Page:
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My big reveal as macro-economics analyst: It's a load of COBBLERS

Gary Bickford

Complex adaptive systems

The best working model for an economy is as a complex adaptive system - conceptually and mathematically related to neural networks, ecosystems, and other characteristically 'living' systems. An economy is composed of many, many individual nodes, all receiving information input from some large number of 'neighbors', and sending information output to an equally large number of 'neighbors'. This system is always converging toward a constantly shifting optimum - either a minimum (valley in the error space) or a maximum (peak in the energy space).

One rather obvious aspect of this approach is recognition that such a system will _always_ adapt quickly to any external input. Taken to the limit, complex adaptive systems start looking like fluid dynamics. That may be going too far for some purposes.

Nearly all macroeconomics today is a descendant of the basically linear models that were the only possible way to deal with things in the pre-computer past. Every model was basically "ignore these things, and set these other things to a constant, and you will get a nice line between here and there."

Essentially every top-level economist was trained using these old models. It's time we got economists with PhDs in physics, machine learning, and systems science.

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Brit Sci-Fi author Alastair Reynolds says MS Word 'drives me to distraction'

Gary Bickford

CS Lewis' food for thought

Once, a very long time ago, a young girl asked CS Lewis how to become an author. Among other things, he told her, "Always write in longhand, do not use a typewriter." He went on in this vein: using a typewriter makes you think differently, and what you write will not be as good.

This is a point worth pondering a bit. When you write longhand, you have more time to think about what you are writing, and the words get polished a bit more at least. Writing with a keyboard tends to be more of a 'brain dump' - I think it's faster, and it's easier to backup and rewrite a word or a sentence. This must have a significant effect on what we write. I suspect that text written longhand is going to be less frenetic, at least, and probably more concise.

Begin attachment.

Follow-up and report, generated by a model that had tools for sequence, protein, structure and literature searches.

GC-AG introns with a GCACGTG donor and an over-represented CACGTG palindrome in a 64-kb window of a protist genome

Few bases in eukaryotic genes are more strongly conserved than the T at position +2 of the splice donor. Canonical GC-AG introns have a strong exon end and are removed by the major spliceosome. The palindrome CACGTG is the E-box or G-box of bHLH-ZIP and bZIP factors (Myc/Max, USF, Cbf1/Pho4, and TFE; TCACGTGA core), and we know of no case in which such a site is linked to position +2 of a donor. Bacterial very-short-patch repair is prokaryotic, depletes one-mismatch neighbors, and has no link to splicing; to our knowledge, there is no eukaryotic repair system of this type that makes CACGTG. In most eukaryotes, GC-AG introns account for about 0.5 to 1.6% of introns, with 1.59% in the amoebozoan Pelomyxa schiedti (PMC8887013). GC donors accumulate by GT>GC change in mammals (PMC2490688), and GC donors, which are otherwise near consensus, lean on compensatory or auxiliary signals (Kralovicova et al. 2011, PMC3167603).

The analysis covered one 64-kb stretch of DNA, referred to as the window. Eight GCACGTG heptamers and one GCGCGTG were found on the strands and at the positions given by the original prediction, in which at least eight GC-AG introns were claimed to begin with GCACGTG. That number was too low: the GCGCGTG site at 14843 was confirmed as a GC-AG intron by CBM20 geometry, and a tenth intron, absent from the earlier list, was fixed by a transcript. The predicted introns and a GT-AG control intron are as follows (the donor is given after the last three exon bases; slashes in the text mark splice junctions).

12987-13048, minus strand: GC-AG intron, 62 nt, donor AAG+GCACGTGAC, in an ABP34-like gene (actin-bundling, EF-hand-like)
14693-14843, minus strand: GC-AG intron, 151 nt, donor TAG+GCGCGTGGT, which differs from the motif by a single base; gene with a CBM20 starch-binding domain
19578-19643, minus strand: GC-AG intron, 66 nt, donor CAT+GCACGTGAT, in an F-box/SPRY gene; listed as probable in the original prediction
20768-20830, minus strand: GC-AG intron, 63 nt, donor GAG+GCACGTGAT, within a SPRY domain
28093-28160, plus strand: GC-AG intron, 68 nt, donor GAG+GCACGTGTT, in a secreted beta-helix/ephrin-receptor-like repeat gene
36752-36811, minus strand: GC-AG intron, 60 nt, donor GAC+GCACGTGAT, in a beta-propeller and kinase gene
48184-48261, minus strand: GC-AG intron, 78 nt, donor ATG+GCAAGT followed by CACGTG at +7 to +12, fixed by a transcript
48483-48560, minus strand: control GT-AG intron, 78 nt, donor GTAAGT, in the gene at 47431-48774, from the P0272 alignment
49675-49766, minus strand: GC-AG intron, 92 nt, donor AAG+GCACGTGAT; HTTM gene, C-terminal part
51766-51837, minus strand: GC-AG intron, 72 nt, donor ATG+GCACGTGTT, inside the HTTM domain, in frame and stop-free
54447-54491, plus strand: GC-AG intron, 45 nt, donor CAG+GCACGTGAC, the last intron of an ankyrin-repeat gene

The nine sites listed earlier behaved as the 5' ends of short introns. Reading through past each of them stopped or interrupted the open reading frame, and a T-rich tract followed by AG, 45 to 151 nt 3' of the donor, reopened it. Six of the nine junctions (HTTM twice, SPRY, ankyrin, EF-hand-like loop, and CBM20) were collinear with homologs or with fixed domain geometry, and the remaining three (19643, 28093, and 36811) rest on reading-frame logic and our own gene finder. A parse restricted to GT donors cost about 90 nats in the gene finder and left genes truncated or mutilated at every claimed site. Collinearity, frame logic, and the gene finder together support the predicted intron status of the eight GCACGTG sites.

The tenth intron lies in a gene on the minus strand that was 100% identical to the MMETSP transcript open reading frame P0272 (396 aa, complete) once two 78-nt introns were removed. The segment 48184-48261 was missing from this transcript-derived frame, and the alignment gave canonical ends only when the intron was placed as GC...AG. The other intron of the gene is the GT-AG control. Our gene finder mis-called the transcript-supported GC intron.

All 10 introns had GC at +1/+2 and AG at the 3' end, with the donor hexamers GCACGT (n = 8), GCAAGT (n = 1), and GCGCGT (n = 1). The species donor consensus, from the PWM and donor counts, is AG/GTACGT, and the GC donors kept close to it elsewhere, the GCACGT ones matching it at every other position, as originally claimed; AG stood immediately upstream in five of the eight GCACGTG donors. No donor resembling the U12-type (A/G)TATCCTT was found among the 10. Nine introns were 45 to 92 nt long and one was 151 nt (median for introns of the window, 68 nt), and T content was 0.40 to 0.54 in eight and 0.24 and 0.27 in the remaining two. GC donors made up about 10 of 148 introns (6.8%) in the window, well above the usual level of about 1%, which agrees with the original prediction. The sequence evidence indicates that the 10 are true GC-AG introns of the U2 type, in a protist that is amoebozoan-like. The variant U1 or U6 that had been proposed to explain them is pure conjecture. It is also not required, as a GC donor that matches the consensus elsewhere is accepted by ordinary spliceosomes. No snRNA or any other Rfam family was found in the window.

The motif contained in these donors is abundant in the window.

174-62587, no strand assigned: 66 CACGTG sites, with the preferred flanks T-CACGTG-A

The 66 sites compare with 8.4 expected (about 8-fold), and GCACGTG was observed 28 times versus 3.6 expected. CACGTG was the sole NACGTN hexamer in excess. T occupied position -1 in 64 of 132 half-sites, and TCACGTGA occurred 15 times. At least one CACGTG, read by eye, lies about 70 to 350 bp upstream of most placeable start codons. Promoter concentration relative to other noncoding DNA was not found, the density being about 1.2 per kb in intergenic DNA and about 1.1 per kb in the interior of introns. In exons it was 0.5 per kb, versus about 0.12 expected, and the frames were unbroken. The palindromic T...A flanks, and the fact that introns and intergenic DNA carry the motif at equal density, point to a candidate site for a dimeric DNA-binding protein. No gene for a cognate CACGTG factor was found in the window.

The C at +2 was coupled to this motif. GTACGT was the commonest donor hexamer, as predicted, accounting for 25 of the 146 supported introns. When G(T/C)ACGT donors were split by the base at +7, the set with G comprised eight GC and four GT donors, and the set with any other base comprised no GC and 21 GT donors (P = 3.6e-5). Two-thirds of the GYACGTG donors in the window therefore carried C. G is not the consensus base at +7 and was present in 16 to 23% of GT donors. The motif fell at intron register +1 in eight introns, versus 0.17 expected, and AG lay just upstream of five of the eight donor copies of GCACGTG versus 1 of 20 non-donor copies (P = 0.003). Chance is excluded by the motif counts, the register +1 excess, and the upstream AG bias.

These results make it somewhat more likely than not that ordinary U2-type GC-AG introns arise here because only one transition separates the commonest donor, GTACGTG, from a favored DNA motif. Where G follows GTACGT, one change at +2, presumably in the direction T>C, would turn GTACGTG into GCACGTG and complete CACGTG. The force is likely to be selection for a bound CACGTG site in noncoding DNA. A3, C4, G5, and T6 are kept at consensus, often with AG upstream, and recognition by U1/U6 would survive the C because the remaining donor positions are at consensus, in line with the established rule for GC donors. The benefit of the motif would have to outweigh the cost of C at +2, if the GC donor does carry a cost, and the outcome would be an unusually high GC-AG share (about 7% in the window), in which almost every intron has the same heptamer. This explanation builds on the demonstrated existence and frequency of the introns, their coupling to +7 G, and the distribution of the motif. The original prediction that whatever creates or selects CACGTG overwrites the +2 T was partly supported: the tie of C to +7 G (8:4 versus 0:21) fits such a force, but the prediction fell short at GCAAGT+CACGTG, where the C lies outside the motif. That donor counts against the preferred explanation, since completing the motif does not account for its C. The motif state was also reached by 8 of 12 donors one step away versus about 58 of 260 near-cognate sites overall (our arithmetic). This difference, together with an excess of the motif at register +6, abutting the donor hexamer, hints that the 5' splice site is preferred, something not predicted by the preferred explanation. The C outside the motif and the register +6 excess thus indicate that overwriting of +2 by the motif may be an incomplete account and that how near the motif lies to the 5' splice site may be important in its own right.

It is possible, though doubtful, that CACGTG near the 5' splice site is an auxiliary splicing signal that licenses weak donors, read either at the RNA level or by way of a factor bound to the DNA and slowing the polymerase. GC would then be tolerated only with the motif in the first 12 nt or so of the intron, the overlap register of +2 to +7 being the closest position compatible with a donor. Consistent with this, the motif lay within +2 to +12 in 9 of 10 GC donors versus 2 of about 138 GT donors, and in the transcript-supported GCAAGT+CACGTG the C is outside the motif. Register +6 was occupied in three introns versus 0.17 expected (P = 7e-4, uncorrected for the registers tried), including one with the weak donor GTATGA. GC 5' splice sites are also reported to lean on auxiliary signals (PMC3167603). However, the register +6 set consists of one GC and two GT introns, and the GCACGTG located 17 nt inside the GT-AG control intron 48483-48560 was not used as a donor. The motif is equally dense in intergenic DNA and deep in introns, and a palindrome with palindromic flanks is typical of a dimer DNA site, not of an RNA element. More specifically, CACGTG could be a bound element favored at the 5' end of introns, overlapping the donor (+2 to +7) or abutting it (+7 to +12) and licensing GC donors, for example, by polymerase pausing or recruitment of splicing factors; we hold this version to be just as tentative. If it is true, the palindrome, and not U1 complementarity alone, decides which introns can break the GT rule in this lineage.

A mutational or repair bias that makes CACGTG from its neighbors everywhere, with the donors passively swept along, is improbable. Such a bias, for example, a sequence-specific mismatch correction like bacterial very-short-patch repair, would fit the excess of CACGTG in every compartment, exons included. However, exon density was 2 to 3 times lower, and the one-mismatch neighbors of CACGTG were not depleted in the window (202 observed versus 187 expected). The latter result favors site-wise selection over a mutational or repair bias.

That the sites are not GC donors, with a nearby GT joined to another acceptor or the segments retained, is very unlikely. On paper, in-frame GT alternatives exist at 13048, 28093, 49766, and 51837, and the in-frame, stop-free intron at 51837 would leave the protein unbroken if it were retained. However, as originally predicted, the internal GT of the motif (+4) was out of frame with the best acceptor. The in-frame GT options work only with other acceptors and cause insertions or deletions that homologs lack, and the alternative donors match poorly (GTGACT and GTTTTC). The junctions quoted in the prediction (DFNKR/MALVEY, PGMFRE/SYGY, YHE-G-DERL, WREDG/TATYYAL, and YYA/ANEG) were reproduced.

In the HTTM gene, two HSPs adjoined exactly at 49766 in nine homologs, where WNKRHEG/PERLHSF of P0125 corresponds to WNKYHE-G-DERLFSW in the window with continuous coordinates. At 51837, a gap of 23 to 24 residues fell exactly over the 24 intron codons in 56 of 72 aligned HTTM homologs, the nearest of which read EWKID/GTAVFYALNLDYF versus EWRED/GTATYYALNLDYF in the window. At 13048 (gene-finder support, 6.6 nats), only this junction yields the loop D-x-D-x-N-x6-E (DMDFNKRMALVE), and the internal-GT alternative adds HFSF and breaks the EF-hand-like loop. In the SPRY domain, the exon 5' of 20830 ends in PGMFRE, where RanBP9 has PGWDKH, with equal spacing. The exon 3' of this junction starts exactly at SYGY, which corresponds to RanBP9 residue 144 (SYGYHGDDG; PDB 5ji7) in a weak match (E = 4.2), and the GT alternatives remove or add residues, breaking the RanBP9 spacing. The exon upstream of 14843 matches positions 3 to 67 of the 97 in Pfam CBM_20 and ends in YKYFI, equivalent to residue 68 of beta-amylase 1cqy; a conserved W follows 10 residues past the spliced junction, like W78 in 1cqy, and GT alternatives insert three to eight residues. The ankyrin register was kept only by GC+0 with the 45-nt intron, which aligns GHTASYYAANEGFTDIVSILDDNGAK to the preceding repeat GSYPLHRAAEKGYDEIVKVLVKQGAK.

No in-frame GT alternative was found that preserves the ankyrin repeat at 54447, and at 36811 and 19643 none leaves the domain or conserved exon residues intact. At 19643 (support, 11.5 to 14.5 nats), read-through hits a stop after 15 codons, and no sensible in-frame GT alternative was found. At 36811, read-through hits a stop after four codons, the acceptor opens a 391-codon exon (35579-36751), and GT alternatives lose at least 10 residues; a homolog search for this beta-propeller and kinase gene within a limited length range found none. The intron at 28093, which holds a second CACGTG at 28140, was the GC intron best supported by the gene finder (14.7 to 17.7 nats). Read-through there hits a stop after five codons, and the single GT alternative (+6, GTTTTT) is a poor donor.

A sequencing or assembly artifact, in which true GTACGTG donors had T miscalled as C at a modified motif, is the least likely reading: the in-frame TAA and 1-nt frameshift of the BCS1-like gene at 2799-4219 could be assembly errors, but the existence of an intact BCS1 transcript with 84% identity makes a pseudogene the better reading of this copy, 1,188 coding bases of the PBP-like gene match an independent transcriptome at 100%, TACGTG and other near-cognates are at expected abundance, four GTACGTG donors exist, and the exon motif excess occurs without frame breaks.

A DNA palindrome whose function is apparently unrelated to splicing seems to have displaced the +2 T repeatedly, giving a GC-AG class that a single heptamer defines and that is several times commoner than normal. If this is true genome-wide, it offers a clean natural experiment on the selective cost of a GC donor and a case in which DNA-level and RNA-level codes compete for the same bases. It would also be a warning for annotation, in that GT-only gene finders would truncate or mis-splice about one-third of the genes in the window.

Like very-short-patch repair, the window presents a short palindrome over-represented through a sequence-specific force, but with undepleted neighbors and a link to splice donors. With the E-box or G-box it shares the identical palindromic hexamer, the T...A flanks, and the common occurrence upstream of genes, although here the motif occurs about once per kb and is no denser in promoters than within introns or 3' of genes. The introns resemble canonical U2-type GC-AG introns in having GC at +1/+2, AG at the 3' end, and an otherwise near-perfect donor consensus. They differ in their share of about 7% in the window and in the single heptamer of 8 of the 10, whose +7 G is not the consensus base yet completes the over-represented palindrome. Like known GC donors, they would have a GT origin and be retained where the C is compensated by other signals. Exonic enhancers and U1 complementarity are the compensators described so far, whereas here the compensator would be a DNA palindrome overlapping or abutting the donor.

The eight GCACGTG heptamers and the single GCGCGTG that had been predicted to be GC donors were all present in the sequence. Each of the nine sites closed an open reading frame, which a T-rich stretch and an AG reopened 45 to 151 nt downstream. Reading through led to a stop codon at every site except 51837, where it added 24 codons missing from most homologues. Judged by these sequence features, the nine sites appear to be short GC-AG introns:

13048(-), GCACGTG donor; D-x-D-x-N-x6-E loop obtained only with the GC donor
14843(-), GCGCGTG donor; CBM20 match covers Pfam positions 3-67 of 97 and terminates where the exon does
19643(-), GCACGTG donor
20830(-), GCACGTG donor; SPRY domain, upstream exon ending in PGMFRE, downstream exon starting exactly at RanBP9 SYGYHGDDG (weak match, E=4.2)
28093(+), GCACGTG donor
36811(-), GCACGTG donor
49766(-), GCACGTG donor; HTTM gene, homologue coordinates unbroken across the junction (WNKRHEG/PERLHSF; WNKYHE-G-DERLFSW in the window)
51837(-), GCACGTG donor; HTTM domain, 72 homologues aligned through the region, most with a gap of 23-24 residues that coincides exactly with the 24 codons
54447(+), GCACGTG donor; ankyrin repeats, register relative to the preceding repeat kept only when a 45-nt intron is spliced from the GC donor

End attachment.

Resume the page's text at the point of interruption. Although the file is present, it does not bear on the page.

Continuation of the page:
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Echopraxia scores 'diamond cutter' on the sci-fi hardness scale

Gary Bickford

Why don't media include source links?

This is just a general comment - I've often wondered why online media rarely if ever include links to source material or topical material. Quite often I would like to know more about the topic, and it would be nice to have what librarians sometimes call a 'pathfinder' - like a bibliography - which might just be some of the public sources that the article's author used.

In this case, links to the author's web page, or (heaven forfend the capitalism!) to one or more book sellers or book reviewers or something, would be both useful and (in the case of a link to a book seller) a potential revenue source. Of course, one has to be careful about that, to avoid becoming yet-another-shill, posting articles in part or wholly as paid linkbait. So is this a subtle grey area thing, or better to just remain black-and-white, no links to avoid any issues?

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Govt control? Hah! It's IMPOSSIBLE to have a successful command economy